The NBA finally tips off this week, with plenty of shake up across the Western Conference. The Warriors have been to four straight finals (winning three) and are almost unbackable favourites to do so again. Here’s my take on the West.
Golden State Warriors
From a talent standpoint, there’s almost no historic comparison. Kevin Durant and Stephen Curry are the superstars, but Klay Thompson, Draymond Green and Andre Iguodala complete ‘The Hamptons Five’.. Yet somehow the Warriors got stronger, pulling off the heist of the offseason, signing DeMarcus Cousins to a discounted deal as he recovers from a torn Achilles. Cousins likely won’t be available until the New Year and there’s no guarantee he’ll be the same Boogie. Yet if he’s anywhere near close to the player he’s been through 8 seasons with Sacremento and New Orleans (21.5 points per game, 11 rebounds), then the Warriors look even more unstoppable, if that’s possible.
Houston Rockets, Los Angeles Lakers, Oklahoma City Thunder, Utah Jazz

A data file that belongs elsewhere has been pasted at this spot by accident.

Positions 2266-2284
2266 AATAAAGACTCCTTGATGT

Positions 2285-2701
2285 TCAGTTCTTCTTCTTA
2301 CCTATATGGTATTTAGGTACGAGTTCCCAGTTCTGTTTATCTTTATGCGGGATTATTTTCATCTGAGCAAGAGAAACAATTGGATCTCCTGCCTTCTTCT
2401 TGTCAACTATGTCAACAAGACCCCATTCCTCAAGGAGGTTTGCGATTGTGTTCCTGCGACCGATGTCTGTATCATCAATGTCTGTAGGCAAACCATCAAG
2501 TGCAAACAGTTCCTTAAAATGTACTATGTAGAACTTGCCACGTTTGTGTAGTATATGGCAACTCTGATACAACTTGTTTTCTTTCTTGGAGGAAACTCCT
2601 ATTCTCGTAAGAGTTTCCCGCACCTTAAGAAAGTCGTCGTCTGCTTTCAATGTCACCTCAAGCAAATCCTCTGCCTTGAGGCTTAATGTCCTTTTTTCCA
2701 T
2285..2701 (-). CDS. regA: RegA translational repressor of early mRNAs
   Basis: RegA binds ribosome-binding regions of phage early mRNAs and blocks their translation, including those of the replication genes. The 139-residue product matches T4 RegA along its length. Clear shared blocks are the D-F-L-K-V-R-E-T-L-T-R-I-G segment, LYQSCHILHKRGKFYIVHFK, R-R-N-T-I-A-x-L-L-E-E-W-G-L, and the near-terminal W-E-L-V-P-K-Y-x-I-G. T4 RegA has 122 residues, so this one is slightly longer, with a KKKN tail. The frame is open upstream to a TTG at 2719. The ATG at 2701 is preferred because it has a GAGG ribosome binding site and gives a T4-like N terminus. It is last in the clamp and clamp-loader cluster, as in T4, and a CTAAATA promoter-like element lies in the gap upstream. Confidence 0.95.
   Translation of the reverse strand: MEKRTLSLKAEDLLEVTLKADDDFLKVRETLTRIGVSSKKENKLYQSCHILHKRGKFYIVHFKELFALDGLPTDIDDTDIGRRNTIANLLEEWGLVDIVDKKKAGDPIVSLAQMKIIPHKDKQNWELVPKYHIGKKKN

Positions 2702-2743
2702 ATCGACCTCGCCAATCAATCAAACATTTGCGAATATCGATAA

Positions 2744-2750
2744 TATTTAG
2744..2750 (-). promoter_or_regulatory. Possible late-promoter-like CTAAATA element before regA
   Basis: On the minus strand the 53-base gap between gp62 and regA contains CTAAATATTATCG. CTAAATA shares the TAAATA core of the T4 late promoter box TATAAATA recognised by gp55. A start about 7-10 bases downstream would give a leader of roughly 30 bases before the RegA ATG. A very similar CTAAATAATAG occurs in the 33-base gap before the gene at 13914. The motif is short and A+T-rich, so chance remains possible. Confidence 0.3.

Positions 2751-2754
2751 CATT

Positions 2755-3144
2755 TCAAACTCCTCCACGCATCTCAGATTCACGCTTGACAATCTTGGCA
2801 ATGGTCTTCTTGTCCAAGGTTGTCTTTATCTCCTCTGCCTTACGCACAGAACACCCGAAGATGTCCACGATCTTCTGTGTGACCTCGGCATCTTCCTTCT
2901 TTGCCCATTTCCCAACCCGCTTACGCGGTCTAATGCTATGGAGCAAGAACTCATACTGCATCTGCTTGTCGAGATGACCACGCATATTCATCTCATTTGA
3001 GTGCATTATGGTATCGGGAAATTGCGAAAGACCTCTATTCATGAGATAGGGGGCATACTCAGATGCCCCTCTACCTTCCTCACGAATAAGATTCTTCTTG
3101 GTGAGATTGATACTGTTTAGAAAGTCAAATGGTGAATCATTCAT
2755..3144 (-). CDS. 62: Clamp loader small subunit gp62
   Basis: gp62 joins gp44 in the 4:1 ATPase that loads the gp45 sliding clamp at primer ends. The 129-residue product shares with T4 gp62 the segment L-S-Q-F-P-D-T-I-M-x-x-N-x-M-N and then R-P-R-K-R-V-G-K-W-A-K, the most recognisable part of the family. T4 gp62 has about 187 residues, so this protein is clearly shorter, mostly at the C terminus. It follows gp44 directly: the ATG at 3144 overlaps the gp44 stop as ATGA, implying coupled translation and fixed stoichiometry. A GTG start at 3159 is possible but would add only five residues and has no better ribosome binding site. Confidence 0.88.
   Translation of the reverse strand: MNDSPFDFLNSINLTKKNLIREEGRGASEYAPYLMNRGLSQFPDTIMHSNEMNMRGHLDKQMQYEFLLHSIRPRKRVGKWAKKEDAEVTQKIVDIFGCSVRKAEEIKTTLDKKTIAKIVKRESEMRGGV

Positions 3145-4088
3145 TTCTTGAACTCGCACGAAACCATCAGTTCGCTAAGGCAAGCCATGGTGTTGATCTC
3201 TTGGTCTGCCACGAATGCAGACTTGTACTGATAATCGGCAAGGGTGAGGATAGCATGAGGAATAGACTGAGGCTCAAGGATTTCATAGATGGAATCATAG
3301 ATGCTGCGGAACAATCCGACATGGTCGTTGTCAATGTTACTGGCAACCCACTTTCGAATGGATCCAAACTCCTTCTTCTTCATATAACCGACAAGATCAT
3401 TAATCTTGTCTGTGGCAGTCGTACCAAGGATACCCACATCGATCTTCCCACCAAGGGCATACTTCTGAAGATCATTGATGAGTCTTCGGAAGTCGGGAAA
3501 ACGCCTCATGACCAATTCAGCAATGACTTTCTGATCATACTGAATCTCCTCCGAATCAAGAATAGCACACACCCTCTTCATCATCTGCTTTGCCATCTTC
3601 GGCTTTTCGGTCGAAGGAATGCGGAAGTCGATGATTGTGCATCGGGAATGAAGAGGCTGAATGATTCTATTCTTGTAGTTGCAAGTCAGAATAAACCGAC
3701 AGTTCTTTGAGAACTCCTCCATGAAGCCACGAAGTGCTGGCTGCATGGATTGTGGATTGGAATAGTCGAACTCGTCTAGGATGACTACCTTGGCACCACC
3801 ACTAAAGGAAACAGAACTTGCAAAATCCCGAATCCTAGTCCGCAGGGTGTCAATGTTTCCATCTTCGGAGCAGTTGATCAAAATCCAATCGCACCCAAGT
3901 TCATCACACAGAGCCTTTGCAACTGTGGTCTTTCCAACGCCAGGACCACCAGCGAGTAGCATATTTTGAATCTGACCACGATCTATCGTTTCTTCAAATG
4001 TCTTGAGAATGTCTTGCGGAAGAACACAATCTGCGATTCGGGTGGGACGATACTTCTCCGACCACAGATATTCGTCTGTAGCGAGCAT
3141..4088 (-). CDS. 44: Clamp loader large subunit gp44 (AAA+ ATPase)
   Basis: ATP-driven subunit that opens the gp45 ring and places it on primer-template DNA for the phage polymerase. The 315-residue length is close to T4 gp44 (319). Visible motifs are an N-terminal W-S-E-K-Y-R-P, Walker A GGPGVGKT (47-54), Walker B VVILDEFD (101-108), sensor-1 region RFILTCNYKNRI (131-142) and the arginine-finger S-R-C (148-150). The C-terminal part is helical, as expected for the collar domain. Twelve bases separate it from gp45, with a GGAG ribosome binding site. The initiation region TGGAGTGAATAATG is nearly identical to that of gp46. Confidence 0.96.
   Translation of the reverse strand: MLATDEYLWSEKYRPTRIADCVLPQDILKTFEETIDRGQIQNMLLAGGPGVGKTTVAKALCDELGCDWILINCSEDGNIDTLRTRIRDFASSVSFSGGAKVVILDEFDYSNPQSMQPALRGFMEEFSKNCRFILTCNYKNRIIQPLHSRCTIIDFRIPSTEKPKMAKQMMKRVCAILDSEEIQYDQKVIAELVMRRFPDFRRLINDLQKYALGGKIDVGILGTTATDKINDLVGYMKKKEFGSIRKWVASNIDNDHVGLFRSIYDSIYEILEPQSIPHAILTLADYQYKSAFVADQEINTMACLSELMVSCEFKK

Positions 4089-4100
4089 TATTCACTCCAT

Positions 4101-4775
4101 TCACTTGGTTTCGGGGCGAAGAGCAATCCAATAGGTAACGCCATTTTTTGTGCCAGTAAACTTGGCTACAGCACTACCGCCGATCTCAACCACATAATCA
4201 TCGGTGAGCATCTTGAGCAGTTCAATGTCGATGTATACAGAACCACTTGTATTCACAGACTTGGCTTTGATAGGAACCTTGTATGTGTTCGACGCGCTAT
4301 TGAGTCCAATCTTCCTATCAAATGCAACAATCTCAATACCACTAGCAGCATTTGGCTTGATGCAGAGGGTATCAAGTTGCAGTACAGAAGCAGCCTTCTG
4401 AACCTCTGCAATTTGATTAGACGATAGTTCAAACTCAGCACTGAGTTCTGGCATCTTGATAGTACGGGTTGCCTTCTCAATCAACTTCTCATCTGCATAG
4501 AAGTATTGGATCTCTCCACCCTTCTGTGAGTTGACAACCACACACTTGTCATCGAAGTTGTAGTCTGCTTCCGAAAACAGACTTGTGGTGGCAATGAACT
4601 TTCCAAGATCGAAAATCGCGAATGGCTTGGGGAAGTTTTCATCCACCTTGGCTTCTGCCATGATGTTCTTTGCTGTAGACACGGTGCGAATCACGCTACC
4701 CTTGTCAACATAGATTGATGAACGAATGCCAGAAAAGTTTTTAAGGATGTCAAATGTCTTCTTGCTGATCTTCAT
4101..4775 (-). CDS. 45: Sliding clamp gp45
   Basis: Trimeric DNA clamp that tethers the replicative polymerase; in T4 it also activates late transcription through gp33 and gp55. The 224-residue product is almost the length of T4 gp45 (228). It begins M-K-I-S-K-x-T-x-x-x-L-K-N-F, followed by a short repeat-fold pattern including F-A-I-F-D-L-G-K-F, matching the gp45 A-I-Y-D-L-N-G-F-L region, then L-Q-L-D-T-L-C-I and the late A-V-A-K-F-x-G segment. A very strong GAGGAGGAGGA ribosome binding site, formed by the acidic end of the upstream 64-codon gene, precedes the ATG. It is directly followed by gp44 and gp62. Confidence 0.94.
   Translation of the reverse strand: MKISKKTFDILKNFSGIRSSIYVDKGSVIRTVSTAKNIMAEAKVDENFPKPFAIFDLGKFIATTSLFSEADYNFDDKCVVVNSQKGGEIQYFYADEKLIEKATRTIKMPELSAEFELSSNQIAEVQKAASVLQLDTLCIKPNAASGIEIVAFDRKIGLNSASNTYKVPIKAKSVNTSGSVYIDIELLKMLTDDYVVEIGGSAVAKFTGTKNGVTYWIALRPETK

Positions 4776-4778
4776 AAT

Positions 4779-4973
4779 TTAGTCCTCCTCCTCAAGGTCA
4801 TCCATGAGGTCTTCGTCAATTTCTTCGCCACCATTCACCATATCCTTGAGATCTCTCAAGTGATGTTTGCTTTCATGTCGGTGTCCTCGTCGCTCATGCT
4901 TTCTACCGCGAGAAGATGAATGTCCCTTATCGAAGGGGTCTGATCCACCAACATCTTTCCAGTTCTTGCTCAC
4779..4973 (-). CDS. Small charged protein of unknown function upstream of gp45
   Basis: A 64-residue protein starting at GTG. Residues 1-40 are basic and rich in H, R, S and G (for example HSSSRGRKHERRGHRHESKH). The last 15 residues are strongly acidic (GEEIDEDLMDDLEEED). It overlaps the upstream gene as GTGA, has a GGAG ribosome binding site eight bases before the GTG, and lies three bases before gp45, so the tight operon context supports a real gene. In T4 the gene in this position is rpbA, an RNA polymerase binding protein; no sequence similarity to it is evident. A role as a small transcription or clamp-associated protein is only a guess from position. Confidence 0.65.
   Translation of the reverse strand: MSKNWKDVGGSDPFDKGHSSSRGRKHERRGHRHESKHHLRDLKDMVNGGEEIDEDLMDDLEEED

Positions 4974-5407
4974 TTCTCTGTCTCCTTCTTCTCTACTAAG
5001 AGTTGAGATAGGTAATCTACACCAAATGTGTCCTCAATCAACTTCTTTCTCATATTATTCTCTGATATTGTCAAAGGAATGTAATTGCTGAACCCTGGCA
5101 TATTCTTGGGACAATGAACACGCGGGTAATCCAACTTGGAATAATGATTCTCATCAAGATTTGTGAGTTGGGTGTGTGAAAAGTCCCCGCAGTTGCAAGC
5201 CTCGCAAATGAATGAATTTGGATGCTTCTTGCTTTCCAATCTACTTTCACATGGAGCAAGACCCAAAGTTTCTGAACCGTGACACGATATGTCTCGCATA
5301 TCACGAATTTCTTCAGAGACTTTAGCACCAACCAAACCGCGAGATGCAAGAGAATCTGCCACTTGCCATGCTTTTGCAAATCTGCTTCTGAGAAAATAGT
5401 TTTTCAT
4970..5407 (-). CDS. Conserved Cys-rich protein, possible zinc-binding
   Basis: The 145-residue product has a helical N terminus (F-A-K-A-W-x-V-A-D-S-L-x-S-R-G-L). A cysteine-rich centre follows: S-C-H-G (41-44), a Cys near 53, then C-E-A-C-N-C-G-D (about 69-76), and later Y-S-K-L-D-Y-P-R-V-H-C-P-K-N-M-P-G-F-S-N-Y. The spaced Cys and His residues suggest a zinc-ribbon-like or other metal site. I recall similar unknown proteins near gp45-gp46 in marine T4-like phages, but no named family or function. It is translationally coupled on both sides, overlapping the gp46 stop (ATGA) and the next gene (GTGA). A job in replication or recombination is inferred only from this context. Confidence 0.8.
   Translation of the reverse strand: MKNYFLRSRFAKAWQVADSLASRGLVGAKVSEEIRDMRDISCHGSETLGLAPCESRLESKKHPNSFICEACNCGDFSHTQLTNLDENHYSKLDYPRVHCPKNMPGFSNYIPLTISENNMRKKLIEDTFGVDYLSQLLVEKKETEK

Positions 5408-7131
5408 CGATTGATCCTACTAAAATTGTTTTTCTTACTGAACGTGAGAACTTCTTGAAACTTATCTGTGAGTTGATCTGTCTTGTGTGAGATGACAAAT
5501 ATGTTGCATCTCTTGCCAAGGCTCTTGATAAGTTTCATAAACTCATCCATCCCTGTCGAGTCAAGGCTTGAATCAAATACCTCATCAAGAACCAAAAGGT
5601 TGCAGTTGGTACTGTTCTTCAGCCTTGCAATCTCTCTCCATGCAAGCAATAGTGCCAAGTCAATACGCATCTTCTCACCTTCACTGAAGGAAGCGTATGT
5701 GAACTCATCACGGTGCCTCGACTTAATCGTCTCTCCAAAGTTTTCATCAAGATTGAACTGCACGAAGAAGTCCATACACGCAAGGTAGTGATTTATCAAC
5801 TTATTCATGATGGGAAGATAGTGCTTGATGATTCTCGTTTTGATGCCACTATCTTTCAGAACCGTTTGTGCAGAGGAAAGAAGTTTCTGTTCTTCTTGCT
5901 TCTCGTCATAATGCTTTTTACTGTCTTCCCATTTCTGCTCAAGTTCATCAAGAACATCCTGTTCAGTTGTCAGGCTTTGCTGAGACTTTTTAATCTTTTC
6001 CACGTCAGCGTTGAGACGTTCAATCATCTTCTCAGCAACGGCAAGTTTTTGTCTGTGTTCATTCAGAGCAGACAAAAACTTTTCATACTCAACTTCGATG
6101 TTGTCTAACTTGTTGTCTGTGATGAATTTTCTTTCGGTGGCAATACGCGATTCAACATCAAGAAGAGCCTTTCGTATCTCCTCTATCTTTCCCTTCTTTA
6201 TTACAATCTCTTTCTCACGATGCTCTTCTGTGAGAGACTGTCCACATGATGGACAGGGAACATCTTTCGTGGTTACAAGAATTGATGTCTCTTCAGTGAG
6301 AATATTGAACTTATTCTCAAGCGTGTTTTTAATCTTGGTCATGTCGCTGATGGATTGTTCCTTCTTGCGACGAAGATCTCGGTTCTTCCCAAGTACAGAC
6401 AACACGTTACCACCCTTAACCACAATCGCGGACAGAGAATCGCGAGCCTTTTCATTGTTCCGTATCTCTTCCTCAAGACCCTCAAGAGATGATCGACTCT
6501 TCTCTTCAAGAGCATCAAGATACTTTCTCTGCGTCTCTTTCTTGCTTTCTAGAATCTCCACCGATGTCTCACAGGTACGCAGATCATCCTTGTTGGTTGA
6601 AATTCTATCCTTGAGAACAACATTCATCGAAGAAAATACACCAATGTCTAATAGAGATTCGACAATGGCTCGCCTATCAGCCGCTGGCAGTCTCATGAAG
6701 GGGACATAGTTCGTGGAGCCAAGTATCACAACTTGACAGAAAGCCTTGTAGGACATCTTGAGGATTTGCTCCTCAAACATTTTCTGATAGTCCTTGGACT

All four of these teams have optimism, but all four have flaws. Most fans of these teams would be happy to reach the Conference finals, where they can at least give themselves a shot at toppling the champ. The Rockets came closest last year, as they blew a 3-2 lead in the Conference finals, including losing game 7 on home court. Their biggest issue though is that they don’t appear to have improved their roster. Salary cap pressure forced them to part ways with Trevor Ariza and Luc Mbah a Moute, both key defensive contributors while capable three point shooters – a requirement for the Rockets style. Their replacements look underwhelming. Michael Carter-Williams, Marquese Chriss, James Ennis and (gulp) Carmelo Anthony have been added, but will need to improve from 2017-18.